June 29th, 2011
(written by lawrence krubner, however indented passages are often quotes)
Four years ago, I was making $400K+ at a top law firm. When I became eligible for partnership at my firm, I decided to leave instead. Why? Because I did not want to own a tiny amount of equity in a poorly-run business. Down the hall from me were several men in their mid-eighties who were drawing $1MM+ pensions and turning up for work two days a week. They had teams of secretaries who printed off their email and read them a digest each morning. I watched the firm spend, spend, spend to recruit “the best and the brightest” from Ivy League schools. After those new lawyers were hired, they would be put to work doing tasks that any decent temp worker could do. Young attorneys were being billed out at $500+ per hour and pressured to make their minimum hourly quotas every year. Our offices were expensive. Our parties were expensive. The I.T. support was expensive because it had painted itself into vendor lock-in and a huge (and useless) support staff. I flew first class everywhere. I stayed in the Four Seasons for months on end.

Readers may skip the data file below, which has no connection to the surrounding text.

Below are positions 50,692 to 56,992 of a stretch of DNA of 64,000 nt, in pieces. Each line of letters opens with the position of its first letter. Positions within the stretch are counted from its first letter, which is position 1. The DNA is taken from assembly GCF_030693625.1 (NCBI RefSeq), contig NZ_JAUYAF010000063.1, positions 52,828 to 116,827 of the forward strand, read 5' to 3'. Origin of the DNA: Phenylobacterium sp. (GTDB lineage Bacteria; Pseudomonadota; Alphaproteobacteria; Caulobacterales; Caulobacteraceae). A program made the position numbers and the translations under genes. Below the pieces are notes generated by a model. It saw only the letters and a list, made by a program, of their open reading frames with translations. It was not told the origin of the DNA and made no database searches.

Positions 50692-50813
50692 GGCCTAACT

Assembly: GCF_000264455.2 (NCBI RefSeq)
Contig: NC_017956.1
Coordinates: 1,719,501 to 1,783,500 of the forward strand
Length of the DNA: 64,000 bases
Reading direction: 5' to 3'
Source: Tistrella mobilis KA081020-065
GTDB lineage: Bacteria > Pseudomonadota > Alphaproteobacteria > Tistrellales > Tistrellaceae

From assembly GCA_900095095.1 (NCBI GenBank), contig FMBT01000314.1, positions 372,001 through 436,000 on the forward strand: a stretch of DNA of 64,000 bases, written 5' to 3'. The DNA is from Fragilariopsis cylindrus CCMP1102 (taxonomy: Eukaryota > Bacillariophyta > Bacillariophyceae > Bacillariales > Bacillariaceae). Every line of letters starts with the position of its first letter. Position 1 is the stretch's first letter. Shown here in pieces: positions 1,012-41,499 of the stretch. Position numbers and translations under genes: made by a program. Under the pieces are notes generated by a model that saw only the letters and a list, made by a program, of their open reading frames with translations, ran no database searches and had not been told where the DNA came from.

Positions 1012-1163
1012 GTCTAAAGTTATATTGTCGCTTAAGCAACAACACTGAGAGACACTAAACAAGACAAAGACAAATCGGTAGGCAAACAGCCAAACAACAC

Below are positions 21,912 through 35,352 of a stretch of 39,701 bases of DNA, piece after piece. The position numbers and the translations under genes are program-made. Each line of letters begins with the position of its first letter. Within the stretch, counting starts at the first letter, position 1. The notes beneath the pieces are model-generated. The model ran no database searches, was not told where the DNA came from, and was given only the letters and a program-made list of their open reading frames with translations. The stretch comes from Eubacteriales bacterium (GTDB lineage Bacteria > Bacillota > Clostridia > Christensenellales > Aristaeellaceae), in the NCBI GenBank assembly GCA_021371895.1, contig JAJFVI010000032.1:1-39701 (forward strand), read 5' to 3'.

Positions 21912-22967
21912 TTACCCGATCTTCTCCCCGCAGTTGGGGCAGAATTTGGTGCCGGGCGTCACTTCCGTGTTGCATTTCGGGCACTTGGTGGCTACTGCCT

Sounds great, right? Nope – not when you’re considering becoming an owner of that company. I saw the writing on the wall. Clients were bailing. They were getting better at doing my job with in house people. They were pressuring firm management to write off big bills and compete in RFPs.
So I got out, and I’ve never looked back. I did it because I think I can run a business better than they do. I did it because I actually care about whether my clients feel like they’ve gotten their money’s worth. Also, I did it because I wanted to build an IT platform for lawyers that wasn’t hampered by incompetent IT staff and poorly-chosen, expensive solutions.